One I like is by NOW brand, and it’s held up for over two years for me. What I like about this model is the wide base and low profile, which makes is less likely to be toppled over by cats running across tables. 🙂 It’s got a timer, which can be set to 1, 2, or 3 hours. It can run up to 8 hours on continuous setting and 16 hours on intermittent setting. LED lights show through the dark-colored band of meshwork. The lights can be off, rotating, or fixed on one color. It comes with a thorough user guide. 

Even running on the intermittent mode, essential oils can still get too strong, and you don’t want to run it for too long. Maybe 30 minutes at a time should be sufficient. Add only 1-2 drops of essential oil. Trust me, this will be enough. The NOW diffuser’s user guide gives essential oil recipes. However, most of the blends are just too heavy and strong scented for use with cats. Below, I’ve listed some oils that are lighter and milder. 

It’s not the most attractive diffuser, it looks like a spaceship. Yes, there are a lot prettier ultrasonic oil diffusers. Most have a small diameter base and are taller, which are easier to be knocked over by kitty cats. When we have cats, style must override appearance. Am I right? See the NOW diffuser here.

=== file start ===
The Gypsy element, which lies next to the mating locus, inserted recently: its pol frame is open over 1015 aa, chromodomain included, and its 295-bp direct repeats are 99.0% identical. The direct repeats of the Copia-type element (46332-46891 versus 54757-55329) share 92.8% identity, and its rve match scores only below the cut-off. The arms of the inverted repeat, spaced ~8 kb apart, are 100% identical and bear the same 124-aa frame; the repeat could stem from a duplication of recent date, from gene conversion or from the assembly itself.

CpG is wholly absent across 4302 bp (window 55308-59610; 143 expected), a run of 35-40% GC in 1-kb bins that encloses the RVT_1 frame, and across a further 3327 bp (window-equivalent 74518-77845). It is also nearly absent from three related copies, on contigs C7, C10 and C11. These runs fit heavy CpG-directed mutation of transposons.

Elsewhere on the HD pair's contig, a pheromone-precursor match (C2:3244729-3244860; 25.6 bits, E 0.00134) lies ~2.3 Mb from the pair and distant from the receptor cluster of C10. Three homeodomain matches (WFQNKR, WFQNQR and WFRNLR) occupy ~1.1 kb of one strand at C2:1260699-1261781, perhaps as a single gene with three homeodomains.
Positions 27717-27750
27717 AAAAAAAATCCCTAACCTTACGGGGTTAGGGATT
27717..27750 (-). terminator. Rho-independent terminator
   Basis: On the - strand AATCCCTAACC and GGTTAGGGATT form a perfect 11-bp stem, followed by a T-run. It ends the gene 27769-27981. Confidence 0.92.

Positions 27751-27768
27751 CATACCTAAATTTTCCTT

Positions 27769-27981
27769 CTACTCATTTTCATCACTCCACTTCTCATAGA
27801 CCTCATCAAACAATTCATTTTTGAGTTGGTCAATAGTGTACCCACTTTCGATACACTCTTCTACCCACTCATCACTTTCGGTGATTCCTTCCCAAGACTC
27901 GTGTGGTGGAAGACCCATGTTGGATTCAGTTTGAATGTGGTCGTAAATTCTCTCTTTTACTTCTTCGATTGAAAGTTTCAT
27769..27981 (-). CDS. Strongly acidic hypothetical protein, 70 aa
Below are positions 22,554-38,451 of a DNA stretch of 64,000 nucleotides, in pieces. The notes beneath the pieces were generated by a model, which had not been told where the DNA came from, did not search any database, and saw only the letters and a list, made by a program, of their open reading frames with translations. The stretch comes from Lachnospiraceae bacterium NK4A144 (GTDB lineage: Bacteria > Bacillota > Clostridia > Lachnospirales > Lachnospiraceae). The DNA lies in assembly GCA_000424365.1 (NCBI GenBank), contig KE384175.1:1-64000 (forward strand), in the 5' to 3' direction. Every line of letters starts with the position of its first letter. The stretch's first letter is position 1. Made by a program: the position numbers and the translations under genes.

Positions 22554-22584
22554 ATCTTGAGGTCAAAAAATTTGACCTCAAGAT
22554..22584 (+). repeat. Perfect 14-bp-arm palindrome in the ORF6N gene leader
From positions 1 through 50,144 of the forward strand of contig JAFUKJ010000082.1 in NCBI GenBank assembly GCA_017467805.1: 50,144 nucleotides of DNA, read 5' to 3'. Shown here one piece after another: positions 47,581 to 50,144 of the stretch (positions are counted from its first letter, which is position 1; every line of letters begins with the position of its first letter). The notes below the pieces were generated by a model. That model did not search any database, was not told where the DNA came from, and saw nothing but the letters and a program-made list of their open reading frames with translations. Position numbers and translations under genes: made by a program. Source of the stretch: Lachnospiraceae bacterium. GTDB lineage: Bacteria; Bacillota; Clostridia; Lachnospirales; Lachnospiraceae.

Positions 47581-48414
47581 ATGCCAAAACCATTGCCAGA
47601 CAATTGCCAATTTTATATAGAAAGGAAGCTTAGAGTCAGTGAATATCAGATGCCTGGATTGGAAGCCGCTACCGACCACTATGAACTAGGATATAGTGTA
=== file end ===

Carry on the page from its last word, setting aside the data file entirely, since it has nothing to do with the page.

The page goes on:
Fan Operated Diffuser

The mini fan-operated diffuser is much more mild as far as scent, quiet, and takes little space. They run on batteries, and some can run on a USB charger.  You place 2-3 drops of essential oils on the included pad and the scent is dispersed by way of the fan blowing over the pad. I loved this diffuser at first. I would take it to work. But, it ended up rattling and became very annoying. I’m not sure if this is a common problem.